Fall of Constantinople

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{church, century, christian}
{god, call, give}
{city, large, area}
{country, population, people}
{land, century, early}
{ship, engine, design}
{day, year, event}
{line, north, south}
{city, population, household}
{village, small, smallsup}
{area, part, region}
{son, year, death}
{theory, work, human}

160.000[8][9]-200.000[2] to 300.000[10] (Contemporanous Western estimates)

70 ships[11] 20 galleys[12]

The Fall of Constantinople was the capture of the capital of the Byzantine Empire, which occurred after a siege by the Ottoman Empire, under the command of Sultan Mehmed II, against the defending army commanded by Emperor Constantine XI. The siege lasted from Friday, 6 April 1453 until Tuesday, 29 May 1453 (according to the Julian Calendar), when the city was conquered by the Ottomans.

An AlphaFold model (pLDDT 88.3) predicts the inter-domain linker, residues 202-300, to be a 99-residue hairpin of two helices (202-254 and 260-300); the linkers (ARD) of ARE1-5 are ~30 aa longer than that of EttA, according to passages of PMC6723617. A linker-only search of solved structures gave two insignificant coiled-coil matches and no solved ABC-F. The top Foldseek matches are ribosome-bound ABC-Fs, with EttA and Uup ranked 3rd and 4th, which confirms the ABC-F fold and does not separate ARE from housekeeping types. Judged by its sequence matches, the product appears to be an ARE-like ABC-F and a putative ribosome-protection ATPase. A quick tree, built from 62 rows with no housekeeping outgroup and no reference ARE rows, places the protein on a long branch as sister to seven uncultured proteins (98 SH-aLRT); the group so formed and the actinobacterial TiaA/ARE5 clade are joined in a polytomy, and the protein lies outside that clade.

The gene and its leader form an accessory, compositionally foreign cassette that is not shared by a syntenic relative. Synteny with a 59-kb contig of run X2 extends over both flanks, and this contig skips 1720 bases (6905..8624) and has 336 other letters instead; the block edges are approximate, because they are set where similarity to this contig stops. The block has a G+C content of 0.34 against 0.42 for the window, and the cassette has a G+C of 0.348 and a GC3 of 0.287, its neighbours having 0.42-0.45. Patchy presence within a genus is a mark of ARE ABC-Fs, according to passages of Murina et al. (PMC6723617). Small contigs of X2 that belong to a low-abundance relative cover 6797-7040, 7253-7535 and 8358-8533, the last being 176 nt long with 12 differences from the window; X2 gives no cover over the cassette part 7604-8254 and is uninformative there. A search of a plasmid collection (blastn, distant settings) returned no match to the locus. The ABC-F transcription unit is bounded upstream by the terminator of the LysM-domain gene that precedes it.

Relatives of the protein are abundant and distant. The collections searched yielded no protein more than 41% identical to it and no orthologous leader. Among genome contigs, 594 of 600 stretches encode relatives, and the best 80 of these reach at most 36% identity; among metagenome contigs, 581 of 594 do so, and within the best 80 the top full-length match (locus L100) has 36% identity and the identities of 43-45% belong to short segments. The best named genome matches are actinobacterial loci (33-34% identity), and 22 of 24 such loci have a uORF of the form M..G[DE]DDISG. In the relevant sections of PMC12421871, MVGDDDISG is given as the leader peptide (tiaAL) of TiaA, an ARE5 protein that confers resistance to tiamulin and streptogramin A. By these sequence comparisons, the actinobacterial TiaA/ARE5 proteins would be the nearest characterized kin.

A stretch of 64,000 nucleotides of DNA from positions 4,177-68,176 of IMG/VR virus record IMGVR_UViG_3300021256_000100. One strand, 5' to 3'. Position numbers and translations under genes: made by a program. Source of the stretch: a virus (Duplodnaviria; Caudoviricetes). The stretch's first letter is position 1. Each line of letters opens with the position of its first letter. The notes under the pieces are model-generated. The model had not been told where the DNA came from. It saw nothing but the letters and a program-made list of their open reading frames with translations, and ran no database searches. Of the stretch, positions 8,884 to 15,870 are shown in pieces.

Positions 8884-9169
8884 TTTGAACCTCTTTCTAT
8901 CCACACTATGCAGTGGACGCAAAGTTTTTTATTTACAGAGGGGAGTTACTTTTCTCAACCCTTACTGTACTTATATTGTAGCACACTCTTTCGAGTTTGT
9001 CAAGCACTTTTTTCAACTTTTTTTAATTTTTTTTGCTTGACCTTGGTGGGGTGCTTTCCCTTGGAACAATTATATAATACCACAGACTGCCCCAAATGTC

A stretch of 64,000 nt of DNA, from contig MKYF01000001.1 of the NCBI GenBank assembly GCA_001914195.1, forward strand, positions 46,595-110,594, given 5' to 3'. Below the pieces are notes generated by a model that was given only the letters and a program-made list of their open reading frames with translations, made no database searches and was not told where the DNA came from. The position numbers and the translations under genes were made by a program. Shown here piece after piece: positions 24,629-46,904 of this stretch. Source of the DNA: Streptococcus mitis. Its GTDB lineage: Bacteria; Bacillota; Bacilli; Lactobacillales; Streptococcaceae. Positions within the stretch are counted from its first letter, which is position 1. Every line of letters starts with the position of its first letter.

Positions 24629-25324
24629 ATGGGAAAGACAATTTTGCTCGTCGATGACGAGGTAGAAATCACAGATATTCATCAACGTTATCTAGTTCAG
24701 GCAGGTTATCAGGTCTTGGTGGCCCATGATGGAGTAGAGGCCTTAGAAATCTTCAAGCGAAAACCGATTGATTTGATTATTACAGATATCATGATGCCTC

The Fall of Constantinople marked the end of the Byzantine Empire, an empire which had lasted for over 1,100 years, and was a massive blow for Christendom. After the conquest Mehmed made Constantinople the Ottoman Empire's new capital. Several Greek and non-Greek intellectuals fled the city before and after the siege, migrating particularly to Italy. It is argued that they helped fuel the Renaissance. Some mark the end of the Middle Ages by the fall of the city and empire.[14]

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